In Defense of a Christ-Centered Review of Portal 2

Note from Kotaku: We recently republished an article by video game journalist and critic Tom Chick, who complained that an article about the game Portal 2 on a site called Christ-Centered Gamer lacked a "shred of insight, much less Christian insight."

Shortly after publishing that story, which originally ran at QuarterToThree.com, we heard from one of the staffers from Christ-Centered Gamer who asked to write a rebuttal. Here it is:

I should probably begin this by saying that I had no hand in the editing or writing of the Portal 2 review from Christ Centered Gamer (CCG). My last piece of delivered, published content was the review of Alan Wake, a game I am inordinately fond of, and a review with which I have never been particularly proud. It should be said, then, that I have no personal investment in defending this review, though I do believe it to have accomplished the goals of the site, as stated.

I am the managing editor for CCG. One of my goals for the site has been to consistently evolve and improve the writing, as well as the expected level of writing. Sometimes we're way off target when it comes to all of that; sometimes, things gel perfectly, and excellent content is put out.

Having been on a bit of a hiatus since that last review, the response to the Portal 2 review frankly didn't surprise me. CCG has always been at its best when the writing is methodical and paced, when there isn't a rush to churn out content. The site has been in a constant state of flux for a lengthy period, and the writers and editors have been working and brainstorming to refine the editing process and the review template (not to mention the scoring system). That said, the criticisms leveled at the review itself did surprise me, and not for the reasons that might be expected.

As a writer, an editor, I tend to focus more on flow and composition than the particular message a review gives. Other editors on CCG tend to naturally focus on other areas. Though we absolutely miss things and absolutely have put out content that shouldn't have been published in such an embryonic state, there are other moments where I believe CCG shines and publishes content that is equal to many of the bigger review sites around. Our reviews of Street Fighter IV, Fallout 3 and Heavy Rain are absolutely indicative of this, as are the reviews of Borderlands and Call of Duty: Black Ops.

The writing, though, is not what this is about.

Tom Chick's article regarding CCG's review of Portal 2 simply missed the point of the site.

CCG isn't a place that deals in Christian analysis of games. There's a place for that and an audience for that. The multitude of sites that deal with that subject are far better equipped to cover that theocentric topic than CCG is. Instead, CCG focuses on issues of content that might be more relevant to a Christian gamer than a site such as What They Play or an organization such as the ESRB [game ratings group] might provide.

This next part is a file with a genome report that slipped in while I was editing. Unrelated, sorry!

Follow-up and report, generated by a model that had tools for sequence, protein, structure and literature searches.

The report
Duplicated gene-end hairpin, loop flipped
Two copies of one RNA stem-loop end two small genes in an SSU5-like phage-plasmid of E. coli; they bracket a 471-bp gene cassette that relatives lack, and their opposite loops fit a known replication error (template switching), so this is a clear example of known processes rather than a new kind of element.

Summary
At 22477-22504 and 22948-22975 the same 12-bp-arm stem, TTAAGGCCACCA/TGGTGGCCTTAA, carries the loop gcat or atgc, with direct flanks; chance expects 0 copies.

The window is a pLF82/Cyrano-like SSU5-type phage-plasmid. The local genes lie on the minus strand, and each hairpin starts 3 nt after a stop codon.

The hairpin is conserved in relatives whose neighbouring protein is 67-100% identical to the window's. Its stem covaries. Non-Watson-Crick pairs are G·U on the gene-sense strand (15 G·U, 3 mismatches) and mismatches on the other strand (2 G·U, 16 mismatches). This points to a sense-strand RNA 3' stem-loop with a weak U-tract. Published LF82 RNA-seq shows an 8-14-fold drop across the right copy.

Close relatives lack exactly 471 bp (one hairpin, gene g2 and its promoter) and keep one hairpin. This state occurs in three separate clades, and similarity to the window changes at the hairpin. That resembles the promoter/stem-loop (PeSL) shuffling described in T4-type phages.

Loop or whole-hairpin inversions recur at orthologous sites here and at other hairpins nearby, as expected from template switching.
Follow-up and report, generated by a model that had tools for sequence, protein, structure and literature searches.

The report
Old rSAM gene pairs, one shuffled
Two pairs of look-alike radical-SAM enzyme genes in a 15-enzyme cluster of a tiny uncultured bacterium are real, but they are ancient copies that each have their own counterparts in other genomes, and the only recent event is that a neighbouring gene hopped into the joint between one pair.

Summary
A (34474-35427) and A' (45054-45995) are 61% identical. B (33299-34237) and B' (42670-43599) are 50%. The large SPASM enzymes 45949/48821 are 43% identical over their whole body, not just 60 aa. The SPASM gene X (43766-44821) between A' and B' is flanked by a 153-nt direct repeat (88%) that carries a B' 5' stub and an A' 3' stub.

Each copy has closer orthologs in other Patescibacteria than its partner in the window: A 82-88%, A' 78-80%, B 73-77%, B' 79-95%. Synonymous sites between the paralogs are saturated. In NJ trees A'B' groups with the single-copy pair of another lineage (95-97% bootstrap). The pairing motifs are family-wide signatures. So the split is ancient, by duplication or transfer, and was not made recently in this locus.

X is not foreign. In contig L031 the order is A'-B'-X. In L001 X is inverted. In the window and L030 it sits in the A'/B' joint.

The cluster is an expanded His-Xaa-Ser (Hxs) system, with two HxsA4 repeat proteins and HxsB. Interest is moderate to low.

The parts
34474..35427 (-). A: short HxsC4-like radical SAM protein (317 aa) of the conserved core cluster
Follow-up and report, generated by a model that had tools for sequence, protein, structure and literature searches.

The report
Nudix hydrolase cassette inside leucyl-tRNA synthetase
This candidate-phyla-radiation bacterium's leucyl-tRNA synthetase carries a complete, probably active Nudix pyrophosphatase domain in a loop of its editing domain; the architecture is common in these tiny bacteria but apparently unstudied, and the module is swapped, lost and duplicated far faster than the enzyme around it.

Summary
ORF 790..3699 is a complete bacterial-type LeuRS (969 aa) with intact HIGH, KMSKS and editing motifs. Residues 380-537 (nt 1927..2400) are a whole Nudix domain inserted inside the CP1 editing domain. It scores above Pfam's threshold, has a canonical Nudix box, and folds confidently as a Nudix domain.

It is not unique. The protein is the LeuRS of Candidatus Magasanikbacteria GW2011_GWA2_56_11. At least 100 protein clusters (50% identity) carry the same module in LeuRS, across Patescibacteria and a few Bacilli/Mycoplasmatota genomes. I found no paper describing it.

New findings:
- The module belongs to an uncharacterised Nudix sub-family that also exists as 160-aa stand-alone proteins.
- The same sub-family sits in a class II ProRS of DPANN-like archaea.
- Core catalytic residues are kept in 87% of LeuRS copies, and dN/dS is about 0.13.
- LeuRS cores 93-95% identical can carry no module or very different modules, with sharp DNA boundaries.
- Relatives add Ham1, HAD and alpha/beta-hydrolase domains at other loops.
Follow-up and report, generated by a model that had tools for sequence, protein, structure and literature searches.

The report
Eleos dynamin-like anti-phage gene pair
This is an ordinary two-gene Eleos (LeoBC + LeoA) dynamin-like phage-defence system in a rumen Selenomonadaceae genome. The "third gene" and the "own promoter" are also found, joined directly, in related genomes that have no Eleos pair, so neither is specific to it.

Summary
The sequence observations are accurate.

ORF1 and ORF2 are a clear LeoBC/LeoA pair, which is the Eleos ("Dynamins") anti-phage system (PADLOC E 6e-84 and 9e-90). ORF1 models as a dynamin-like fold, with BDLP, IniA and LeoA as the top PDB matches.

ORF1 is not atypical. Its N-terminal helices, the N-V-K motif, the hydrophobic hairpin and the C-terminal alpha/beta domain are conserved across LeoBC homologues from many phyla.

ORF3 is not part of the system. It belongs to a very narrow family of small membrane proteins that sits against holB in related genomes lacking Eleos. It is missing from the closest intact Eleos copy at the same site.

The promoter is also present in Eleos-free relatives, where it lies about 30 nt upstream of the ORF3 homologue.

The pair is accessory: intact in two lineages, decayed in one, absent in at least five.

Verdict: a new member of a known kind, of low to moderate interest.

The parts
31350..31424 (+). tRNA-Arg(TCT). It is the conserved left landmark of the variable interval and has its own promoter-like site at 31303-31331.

Some Christians are more sensitive to iconography and issues dealing with the occult than others; others might have more issues with language and sexuality than the rest of us. That's fine, and the information that CCG attempts to provide addresses that need.

What Mr. Chick thought he would find—a place where a meaningful dialog about games existed (but from a Christian perspective!)—doesn't exist at CCG. Not yet, at least. Belief is such a personal thing, and so indefinable, intangible, that any such discussion might be rendered moot, at worst, and the equivalent to apologetics, at best. That isn't necessarily the best way to approach writing for a site where the desire is to review games, as opposed to analyzing their oftentimes pseudo-spiritual or humanistic elements.

There's an absolutely valid discussion to be found within that topic. The same could be said, however, about a deconstructive literary analysis of the work that Hideo Kojima puts out, or an in-depth search for meaning within The Legend of Zelda series, and how Link is the embodiment of the inner-child within us all. Those discussions are valid and fascinating. Yet when attempting to critique a title, is finding meaning in the work more important than viewing the work as a subjective whole?

Some of the criticisms of CCG that Mr. Chick puts forth are valid. I'd submit that he visited the site with preconceived notions of what the site was, without having seen for himself what the content was. The review does not fail because it didn't meet Mr. Chick's notion of an analytical look at the game-– something that was never promised, and never delivered upon-–but it might fall short because of quality.

I'd be misleading everyone if I said that CCG has reached the extent of what it can do, and what it will do. CCG, like many sites, is iterative in execution and function; its form and purpose continue to grow and evolve. In that, someday, there might be content much like what Mr. Chick was looking for when he ventured to CCG.

However, that time is not now. We at CCG appreciate constructive criticism and the exchange of ideas, but we will always remain true to our primary purpose.

Drew Regensburger is the managing editor for Christ Centered Gamer. He occasionally posts a blog called Absolution in Suspension, where he writes about games, and can usually be found finding as many reasons not to update it as possible.